Prominent Area Rabbis Return
from UJA Mission to Israel

By Stephen E. Lipken


A diverse group of 24 prominent Rabbis, Orthodox, Conservative and Reform, returned from a March 13-20 special UJA mission to Israel, meeting with politicians, journalists, and thought leaders across the political spectrum on key issues including judicial reform and rise of social divisiveness.


The group from Westchester County encompassed Rabbis Jeffrey Arnowitz, Westchester Jewish Center, Mamaroneck; Sasha Baken, Assistant Rabbi, Westchester Reform Temple, Scarsdale; Aaron Brusso, Bet Torah, Mount Kisco; Chaim Marder, Hebrew Institute of White Plains and David Schuck, Beth El Synagogue Center, New Rochelle.


As Rabbi Schuck embarked on the trip, he wrote, “I am grateful to UJA Federation New York for having the wisdom, foresight and commitment to strengthen the relationship between the Jewish communities of the Diaspora and Israel. As ever, they continue to model the critical importance of investing in Jewish peoplehood, which we must never take for granted.”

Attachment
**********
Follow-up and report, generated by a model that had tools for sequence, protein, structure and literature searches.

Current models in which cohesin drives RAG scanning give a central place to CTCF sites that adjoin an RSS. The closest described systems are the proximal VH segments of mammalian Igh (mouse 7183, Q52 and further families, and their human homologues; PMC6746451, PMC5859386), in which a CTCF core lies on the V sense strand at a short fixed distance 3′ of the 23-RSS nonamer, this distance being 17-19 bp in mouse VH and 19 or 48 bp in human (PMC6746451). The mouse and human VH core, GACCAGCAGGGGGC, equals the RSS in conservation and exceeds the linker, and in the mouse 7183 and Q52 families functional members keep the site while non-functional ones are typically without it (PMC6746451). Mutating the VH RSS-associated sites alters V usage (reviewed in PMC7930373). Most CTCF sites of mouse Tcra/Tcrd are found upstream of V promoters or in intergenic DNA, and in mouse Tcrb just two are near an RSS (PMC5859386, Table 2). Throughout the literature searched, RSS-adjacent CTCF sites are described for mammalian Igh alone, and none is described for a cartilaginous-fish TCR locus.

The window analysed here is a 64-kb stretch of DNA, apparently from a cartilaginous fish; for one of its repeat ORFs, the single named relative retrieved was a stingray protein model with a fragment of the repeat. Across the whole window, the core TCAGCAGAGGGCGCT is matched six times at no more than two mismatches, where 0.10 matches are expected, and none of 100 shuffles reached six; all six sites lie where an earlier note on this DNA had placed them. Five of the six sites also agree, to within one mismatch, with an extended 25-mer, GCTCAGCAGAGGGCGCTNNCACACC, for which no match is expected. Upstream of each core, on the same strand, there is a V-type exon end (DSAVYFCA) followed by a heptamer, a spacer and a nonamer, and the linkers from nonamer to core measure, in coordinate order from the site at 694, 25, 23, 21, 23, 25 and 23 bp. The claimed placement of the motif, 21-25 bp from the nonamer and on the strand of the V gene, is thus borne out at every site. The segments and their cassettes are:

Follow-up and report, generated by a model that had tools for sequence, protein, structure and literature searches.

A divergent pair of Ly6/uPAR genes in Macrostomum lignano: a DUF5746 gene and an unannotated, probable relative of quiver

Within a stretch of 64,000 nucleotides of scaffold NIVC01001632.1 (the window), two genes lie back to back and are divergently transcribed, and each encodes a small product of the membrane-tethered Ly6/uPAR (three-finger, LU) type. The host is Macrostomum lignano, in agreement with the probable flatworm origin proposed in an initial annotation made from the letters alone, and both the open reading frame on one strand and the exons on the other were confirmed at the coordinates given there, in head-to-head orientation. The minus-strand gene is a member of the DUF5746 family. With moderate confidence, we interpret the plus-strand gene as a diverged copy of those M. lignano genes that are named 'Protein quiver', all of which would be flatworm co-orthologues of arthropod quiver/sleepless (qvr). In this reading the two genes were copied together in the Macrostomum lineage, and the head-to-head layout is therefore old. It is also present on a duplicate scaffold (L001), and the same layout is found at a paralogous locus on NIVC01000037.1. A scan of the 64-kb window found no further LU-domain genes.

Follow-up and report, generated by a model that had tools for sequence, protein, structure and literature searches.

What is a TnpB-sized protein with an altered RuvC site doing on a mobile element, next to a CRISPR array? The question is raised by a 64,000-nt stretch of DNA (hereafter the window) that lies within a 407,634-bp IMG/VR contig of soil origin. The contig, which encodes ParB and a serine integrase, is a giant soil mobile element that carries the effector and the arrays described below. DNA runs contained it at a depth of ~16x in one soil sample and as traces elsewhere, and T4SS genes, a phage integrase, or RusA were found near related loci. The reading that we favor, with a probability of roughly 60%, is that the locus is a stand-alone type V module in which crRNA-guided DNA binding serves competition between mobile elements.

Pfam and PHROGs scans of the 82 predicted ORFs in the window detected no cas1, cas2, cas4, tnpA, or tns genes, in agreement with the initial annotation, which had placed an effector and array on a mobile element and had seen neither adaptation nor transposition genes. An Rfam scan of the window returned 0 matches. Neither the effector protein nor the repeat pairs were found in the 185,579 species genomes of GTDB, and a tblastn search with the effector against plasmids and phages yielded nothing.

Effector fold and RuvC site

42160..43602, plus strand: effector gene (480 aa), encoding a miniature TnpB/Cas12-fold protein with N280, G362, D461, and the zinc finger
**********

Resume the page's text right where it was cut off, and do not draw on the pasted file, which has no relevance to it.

An exclusive virtual conversation on the Rabbinic reflections from the Westchester Rabbis was moderated by Hana Gruenberg, Managing Director, UJA Federation, and took place March 27.


“We recognize that there is so much in flux, things getting more tense in Israel,” Gruenberg noted. “We met with politicians from the Coalition and opposition. The most moving thing for me was meeting Israeli Rabbis ‘on the ground.’” 


Rabbi Arnowitz said that he found the mission to the Rabbis on the ground “incredibly humbling. One takeaway that I want to share was that I went to Israel thinking that it had a governmental problem and left Israel thinking that it had a societal problem.”


“I went into this trip thinking that I had a voice and needed to shout loudly and bring the opinions of America to Israel to those on the ground,” Rabbi Baken said. “I found that I really had to listen more rather than having something to preach…”


Brusso averred that societal differences required weaving and bridging to be brought together, comparing it to Parsha Nitzavim when the next generation that wasn’t slaves had to commit to the original vision that the Israelites had at the beginning.


Marder pointed to James Madison and the Federalist papers, representing checks and balances, with fear of democracy challenged at its very core, stressing legislation cannot solve this problem but rather a higher, deeper form of dialogue.  “We are seeing the unfinished business of the birth of a nation,” Marder concluded.